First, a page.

Hey nralifr - I got a late start on your thread......I knew I was going to enjoy it and saw it being updated a lot, but I ended up sort of leaving it for later. It's been an off and on RV.net summer/fall for me.
But I have to say a couple of things:
1) I nearly had a tear in my eye when I finally saw the picture of the truck and camper in, and then the picture with the truck side-by-side with the camper. I'm very happy for your success!
2) As Sleepy pointed out first (I think) the two garages (3 doors) all lining up at their tops make it really tie together nicely. I bet many visitors at first glimpse might not even notice just how much bigger the lower bay is. Whoever came up with that in your early design really deserves kudos. It looks fantastic.
3) The interior multi-level is just tremendous. I love how you can inspect the TC roof at a glance because that's something at times we go a long time without ever seeing (the TC roof) and wouldn't notice a problem until....well sometime later. I'm curious, if you wanted to, could you back up at an angle, and wedge the camper on the truck up close enough to your "balcony edge" and be able to climb directly onto the roof? That would be handy if you were ever doing a major roof renovation or caulking job. Sure you can climb the ladder, but when I changed my AC I sure got tired of that climb.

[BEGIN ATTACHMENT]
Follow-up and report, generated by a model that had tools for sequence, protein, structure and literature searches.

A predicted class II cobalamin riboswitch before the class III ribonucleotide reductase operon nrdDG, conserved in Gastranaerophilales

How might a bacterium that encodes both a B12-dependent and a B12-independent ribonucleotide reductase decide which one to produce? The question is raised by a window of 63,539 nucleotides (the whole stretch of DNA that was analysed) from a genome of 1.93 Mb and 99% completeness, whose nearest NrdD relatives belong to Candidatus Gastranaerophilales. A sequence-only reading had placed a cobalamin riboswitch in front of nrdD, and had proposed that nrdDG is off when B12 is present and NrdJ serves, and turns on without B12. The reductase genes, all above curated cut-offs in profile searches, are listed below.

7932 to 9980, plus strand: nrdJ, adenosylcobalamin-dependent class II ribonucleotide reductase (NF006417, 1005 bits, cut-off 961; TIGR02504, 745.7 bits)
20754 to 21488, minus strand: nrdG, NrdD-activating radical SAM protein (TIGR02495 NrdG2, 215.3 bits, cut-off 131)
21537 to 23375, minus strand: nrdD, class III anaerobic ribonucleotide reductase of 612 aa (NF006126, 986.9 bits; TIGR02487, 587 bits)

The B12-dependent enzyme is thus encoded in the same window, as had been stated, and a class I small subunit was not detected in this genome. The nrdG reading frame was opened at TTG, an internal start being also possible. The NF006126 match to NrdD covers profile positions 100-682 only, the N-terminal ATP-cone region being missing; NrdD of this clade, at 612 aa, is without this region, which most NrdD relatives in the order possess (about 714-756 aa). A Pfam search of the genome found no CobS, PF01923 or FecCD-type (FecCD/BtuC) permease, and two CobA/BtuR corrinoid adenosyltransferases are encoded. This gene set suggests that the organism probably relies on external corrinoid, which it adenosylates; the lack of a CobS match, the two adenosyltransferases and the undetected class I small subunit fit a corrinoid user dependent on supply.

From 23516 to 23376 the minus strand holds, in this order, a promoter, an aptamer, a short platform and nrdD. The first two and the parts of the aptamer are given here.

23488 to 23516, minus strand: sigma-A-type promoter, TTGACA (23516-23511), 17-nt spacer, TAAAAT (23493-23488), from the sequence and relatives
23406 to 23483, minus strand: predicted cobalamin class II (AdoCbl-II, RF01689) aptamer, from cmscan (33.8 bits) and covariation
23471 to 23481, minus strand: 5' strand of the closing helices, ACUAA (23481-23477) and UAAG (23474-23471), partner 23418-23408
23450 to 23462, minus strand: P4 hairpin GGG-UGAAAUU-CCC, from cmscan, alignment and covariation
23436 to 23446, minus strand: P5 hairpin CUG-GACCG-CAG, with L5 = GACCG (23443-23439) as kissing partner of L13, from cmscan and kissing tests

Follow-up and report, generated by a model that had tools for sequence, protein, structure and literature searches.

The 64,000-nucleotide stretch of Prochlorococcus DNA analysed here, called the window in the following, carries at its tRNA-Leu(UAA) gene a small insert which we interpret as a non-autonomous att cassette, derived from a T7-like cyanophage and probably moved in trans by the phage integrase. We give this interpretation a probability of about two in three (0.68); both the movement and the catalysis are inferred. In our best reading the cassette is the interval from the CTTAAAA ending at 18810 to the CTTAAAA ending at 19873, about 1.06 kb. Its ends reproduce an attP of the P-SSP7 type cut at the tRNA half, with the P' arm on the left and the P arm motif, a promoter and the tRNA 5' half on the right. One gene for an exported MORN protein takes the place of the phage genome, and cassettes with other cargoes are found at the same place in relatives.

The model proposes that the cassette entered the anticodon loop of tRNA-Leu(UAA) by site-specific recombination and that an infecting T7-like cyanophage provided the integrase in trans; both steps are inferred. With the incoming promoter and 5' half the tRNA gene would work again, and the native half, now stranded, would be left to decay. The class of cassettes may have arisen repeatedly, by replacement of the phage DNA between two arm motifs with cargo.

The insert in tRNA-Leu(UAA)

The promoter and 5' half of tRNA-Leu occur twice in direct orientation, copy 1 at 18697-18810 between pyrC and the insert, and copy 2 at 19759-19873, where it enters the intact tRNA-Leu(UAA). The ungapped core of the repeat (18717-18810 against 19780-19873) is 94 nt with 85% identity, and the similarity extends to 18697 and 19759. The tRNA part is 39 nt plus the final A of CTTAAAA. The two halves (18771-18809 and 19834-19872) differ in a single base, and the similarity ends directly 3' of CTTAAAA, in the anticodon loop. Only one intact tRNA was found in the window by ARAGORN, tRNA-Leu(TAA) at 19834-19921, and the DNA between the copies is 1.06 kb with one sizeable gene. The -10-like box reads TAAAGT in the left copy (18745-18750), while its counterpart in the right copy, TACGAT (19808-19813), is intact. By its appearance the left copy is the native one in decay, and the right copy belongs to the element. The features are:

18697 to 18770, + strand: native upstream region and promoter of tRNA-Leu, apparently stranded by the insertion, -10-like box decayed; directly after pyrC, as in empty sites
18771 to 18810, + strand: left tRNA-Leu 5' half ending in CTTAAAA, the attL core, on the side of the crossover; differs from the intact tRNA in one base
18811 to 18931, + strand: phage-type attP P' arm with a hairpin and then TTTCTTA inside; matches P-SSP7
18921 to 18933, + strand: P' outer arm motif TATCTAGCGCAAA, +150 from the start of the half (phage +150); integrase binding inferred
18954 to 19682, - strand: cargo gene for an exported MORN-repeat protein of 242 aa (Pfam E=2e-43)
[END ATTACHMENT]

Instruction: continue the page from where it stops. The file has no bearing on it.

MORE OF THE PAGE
4) You said it yourself several times, but the high windows on the lowest wall are great. Makes the TC look so much more snug in there like it is meant to be there, and even camped in perhaps.
Many other thoughts came to mind as I read the whole thing in one shot, but nothing important really. I'm sorry I didn't follow along all summer and fall, but I got to watch you build the whole thing in one day!